What Friendship in Recovery Means to Me

Thinking about the time when you came to Tamarack, how important was friendship to you? Why?
It was huge, because when you come into a strange environment you don’t know what to expect. What are the other clients like? What are the staff like? Are people friendly there? It’s so important to be able to make a connection quickly. Sherry was so personable and genuine. Everybody was just so personable and friendly. Staff and clients alike.

What are some examples of the support and friendship you received?
With everybody having a common problem, everybody was behind you. They want to help. They extended the olive branch. They have a like mind. They were there to show me I am not alone. That’s a key component – to know you are not alone.

Friendship in recovery also includes being a friend to yourself – how has that process been for you?
In the beginning of my recovery it was very difficult. I was very down on myself. I didn’t love myself. When I came to Tamarack I felt that I was about half way there. I am starting to accept that I am a better person than I thought. After about a month here I wasn’t afraid to look in the mirror anymore. I used to think I wasn’t worthy. Today I like myself.

What have you learned or experienced while at Tamarack that has enabled you to show compassion, friendship and support to yourself?
DBT has been a huge part. Not in accepting everything, yet, but a big part in accepting myself. Tim’s workshops and Finding Freedom has reinforced that. Also knowing that we back each other up. Having people have your back makes it easier to give back. Tim’s greater insight and DBT, I now know I have the strength to support others. I have learned to set boundaries. I can relate to everyone in the house. It is important to give back. When I give back, it gives me compassion towards myself and others.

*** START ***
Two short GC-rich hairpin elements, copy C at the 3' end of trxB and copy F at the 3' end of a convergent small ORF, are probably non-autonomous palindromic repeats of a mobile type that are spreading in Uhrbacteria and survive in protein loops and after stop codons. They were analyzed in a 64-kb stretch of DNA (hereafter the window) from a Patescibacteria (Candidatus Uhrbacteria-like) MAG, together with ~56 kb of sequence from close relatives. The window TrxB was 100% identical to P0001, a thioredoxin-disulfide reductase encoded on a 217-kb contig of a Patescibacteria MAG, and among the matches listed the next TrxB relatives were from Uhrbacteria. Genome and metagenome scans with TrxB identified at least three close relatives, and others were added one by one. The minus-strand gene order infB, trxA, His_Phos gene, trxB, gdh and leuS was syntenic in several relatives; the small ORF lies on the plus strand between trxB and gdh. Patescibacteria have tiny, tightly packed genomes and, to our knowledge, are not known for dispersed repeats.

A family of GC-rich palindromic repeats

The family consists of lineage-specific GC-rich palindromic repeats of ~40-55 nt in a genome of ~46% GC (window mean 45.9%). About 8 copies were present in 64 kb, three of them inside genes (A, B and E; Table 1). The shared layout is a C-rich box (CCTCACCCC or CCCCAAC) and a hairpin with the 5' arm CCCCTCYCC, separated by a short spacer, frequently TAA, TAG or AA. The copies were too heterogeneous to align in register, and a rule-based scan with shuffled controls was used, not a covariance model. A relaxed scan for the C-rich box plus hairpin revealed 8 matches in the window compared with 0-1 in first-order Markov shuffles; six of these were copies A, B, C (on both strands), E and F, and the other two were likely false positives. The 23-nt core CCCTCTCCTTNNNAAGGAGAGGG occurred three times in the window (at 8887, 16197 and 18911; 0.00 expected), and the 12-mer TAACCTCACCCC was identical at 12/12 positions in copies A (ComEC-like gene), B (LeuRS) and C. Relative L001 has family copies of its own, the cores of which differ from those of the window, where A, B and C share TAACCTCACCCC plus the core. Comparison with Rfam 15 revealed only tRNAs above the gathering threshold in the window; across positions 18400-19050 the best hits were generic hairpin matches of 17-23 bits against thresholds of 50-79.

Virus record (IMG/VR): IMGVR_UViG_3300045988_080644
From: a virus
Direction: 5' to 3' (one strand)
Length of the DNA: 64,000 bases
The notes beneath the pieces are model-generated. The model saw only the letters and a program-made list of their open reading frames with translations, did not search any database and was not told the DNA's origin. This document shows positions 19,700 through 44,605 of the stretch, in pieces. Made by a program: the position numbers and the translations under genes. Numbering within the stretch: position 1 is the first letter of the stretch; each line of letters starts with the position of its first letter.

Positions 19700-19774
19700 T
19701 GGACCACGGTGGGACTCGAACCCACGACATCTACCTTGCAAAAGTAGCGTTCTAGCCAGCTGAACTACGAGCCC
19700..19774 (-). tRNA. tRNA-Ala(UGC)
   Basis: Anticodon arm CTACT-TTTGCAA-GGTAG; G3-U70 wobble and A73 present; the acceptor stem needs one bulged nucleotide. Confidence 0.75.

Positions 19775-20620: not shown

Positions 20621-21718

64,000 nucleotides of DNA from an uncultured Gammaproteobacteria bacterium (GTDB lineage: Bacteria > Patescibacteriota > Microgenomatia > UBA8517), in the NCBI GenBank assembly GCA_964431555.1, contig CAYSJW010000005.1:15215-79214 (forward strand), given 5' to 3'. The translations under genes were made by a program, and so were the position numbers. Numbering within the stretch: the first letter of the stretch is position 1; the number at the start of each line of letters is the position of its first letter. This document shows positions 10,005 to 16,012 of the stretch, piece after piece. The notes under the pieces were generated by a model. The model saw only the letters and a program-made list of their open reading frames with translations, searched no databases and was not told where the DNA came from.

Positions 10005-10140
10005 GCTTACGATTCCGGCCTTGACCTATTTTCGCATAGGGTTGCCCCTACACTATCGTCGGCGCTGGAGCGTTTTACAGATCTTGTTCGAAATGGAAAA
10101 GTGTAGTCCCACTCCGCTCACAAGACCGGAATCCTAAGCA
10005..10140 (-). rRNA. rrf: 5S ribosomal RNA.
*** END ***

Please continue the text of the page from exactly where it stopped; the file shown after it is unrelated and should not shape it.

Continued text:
Being a friend to others and giving back can add a sense of purpose and meaning to our lives and our recovery journey –how have you given back and been a friend while in treatment and after graduation?
I have been here to listen to the new clients when they are feeling uneasy about being here. I have helped to organize an outing so we could all go out to the Museum of Human Rights as a group. I volunteer at Red Road Lodge and I am a peer support mentor in the Winding River Program, and I think I have a mentor role here at Tamarack as well. I participate in aftercare and I am building connections and giving and getting support. I am looking forward to connecting stronger with aftercare. It’s all still the Tamarack Family. I have come to realize that I have to help myself before I can help others, but I [really] feel that in helping others I am helping myself. Helping others along the process does so much for me. I have always had it, but the program and Tamarack has brought it back so I could do it.

How has this impacted your recovery?
Very positively. It has given me self-confidence, self-worth, and a vision towards what I want my life to be like.

branch